One, two, three, four. The opening drums to Bob Seger’s “The Fire Inside” had rolled through his mind before he played into his favorite rocking piano piece. His fingers worked the notes as smoothly as a dress zipper. His hands relaxed until they moved as naturally as when they’d played every day. He looked up to see Nash in his mind’s eye, as a younger version of Seger: long dark hair, goatee, leather vest. A blue spot shone on him as they soared like gulls enjoying an up-draft. Benny glided through the melody. Nash belted out the lyrics just a few feet from him. They were at the edge of the piano solo when movement in his peripheral vision stopped him cold.

Shevaun Michaels, the wife of rapper X-Pat, stood in the foyer wearing more jewelry than clothing. Ferragamo bag linked in the crook of her arm, hand resting on artificially enlarged breasts that strained every stitch of her halter top, the diamond in her navel sufficient collateral for financing.

Shit. He might as well have been raiding the fridge dripping water from the Jacuzzi all over the marble. And now, she’d spread the word about how sad he looked trying to resurrect a moment of his squandered youth when he was still able to produce a vocal. There was nothing more pathetic than having a client witness him struggle to perform. But that wasn’t the most painful part. He didn’t get to finish the piece. That was worse than unfinished sex.

Benny hopped up from the bench. “Piano’s tuned.” He didn’t meet her gaze but stepped back into his real estate agent skin without bothering to retrieve his jacket. “I understand you were in catering?”

Shevaun smiled.

“Shall we start in the kitchen? You won’t believe the appliances. The owner’s wife was famous for her parties. A restaurant walk-in . . .”

“Mr. Begara?”

He stopped. “Mmm?”

“You get your voice back?”

“Ah, no.” He glanced at the Steinway. “Just noodling around.”

“Shame. I liked your album. A lot of R&B undertones.”

Benny nodded. “That’s very kind. We did two, actually, but the label dumped the first.”

“Really?” Shevaun glided to him, a model down a catwalk without the horse-like gait. She laid a hand on his chest. “Too bad.”

Benny’s libido was being played. “Rap’s king now. When does your husband’s album drop?”

“Who knows?” She reached up and loosened his tie. “They’re still in the studio. I stopped waiting up.”

“Recording can be grueling. Especially if things aren’t . . .”

Her hand dragged slowly down to his crotch.

“. . . coming out to everyone’s satisfaction.”

Her handbag dropped to the floor with a thud. Did she have a gun in there? She stepped up and pressed her chest against him. A common occurrence to which Benny had grown accustomed – neglected wife desperate for attention while spending her husband’s money.

“Where would you like to start?” Benny asked.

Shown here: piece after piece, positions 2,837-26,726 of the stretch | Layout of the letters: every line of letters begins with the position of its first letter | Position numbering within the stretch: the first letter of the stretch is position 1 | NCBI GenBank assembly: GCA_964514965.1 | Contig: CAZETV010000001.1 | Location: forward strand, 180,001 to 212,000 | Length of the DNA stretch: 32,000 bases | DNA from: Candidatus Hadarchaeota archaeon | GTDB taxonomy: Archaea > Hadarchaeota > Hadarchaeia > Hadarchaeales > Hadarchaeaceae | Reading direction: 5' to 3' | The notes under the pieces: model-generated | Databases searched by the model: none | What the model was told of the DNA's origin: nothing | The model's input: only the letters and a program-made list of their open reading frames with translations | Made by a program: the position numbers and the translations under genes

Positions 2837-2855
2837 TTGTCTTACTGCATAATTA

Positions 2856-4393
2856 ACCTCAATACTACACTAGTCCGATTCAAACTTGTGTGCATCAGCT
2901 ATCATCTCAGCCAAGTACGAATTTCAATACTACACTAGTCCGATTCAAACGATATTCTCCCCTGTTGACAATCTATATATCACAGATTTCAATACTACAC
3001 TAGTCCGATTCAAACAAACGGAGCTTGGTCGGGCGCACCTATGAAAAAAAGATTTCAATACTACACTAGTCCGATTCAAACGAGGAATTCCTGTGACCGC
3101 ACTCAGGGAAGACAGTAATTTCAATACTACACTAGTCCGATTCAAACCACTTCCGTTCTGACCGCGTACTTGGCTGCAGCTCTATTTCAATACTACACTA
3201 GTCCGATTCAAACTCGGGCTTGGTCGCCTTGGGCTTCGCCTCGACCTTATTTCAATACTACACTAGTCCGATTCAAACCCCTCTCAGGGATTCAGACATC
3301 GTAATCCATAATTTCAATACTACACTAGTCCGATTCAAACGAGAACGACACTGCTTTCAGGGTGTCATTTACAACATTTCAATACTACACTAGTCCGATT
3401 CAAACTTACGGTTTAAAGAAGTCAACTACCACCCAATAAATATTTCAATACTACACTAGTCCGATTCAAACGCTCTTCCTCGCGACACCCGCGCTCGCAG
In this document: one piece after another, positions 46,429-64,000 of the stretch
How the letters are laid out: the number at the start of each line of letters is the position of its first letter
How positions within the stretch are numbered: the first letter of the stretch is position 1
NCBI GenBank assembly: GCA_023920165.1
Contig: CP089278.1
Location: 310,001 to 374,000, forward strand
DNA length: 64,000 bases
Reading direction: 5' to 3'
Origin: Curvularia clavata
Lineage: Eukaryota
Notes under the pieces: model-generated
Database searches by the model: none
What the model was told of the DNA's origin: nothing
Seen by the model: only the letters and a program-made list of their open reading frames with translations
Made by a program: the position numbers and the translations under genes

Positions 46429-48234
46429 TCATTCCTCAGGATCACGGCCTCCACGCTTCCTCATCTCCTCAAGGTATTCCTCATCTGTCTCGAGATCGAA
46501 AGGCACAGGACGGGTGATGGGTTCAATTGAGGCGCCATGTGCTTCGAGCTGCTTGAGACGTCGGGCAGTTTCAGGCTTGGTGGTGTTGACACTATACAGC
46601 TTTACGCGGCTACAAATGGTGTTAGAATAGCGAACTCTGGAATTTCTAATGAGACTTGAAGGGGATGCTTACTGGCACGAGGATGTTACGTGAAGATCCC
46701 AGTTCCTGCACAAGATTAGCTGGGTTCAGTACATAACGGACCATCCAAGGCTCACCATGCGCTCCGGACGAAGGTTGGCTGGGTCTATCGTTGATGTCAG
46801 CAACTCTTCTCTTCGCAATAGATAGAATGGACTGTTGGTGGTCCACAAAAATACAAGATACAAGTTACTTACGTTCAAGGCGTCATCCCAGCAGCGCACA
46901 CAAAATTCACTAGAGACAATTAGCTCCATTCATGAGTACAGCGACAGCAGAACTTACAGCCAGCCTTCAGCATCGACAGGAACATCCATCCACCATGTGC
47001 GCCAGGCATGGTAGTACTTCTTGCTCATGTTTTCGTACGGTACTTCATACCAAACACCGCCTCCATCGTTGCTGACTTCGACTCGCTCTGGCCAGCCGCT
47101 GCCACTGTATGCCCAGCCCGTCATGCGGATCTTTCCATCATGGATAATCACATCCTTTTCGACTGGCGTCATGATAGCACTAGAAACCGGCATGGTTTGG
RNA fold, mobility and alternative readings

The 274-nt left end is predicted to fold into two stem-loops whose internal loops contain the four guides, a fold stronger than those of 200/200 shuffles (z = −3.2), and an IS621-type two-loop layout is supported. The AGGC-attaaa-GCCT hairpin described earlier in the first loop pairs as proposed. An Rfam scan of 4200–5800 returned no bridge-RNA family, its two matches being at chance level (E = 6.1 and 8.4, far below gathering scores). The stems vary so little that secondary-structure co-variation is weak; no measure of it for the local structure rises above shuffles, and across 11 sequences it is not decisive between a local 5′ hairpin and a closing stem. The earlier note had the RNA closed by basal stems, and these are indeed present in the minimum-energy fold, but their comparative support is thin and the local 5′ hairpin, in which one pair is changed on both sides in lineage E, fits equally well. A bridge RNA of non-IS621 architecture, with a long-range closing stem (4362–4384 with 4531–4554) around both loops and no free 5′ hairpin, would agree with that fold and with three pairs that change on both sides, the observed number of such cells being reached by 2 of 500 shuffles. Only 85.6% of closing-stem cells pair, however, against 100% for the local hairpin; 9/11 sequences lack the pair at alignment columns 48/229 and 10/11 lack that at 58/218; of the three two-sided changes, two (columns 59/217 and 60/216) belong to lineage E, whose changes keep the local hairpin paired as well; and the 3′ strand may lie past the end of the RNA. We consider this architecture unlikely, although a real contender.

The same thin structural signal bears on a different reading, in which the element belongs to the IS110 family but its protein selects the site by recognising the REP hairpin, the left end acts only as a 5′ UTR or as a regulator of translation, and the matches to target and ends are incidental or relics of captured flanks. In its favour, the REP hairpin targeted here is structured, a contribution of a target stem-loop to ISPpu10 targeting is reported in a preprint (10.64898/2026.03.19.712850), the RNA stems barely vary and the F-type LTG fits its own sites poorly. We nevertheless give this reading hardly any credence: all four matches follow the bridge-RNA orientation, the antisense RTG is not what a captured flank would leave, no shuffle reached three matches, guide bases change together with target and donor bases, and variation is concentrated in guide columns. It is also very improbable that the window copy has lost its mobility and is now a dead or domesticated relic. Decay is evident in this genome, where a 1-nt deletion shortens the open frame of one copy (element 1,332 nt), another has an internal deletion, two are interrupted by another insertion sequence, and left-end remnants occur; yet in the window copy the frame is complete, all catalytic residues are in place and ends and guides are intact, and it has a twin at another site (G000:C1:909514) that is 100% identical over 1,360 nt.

Her curves were well measured and her lips equally full. She flashed a wicked smile. “Show me the piano.”

Benny enjoyed nontraditional spaces. He gazed at her mouth full of unnaturally white teeth as she tugged his belt buckle open. Now, how to close the deal without her jewelry scratching the piano?

“How do you feel about handcuffs?”
Vanessa watched the house from the street wishing she could get closer. Neighbors might call the police, but she needed a closer look at him. Would he even know anything? Would he agree to do the film? Would he be willing to dredge up the past again or tell her to get lost? What could he tell her about her father? Did he know what her mother had been hiding? She would not remind him about the restraining order.

She looked over at his BMW and wondered if he considered it less pretentious than a Mercedes. There was a little sticker in the bottom corner of the rear window. She picked up her camera hoping she could zoom close enough to make it out. Might be a parking pass. The built-in zoom whirred brought the focal point closer. Vanessa grinned. An old Bear Square, the black and blue band promo stickers with a profile of a bear’s head, mouth open in a full roar.

Her dad had been reading a lot of mythology at the time he’d come up with the name. Ursa was Latin for bear. Then Benny created the Bear Square. They used to give the stickers away, hoping a few fans would make it an iconic logo. Once the band hit its stride, their manager charged a buck for them. He’d marked his Beemer with his square, maybe so he could find it in big parking lots, or maybe to tell the world he wasn’t dead.

Time dragged. Impatient, she shouldered her camera and climbed out of the rental car, careful to bump the door closed with her hip, so it caught the latch with little noise. She imagined her approach to be like the Pink Panther slinking across the street through the open gate along the hedge line, hoping there weren’t any nosey neighbors watching. Vanessa had no idea what she might run into, or what she would say if she came face to face with Benny.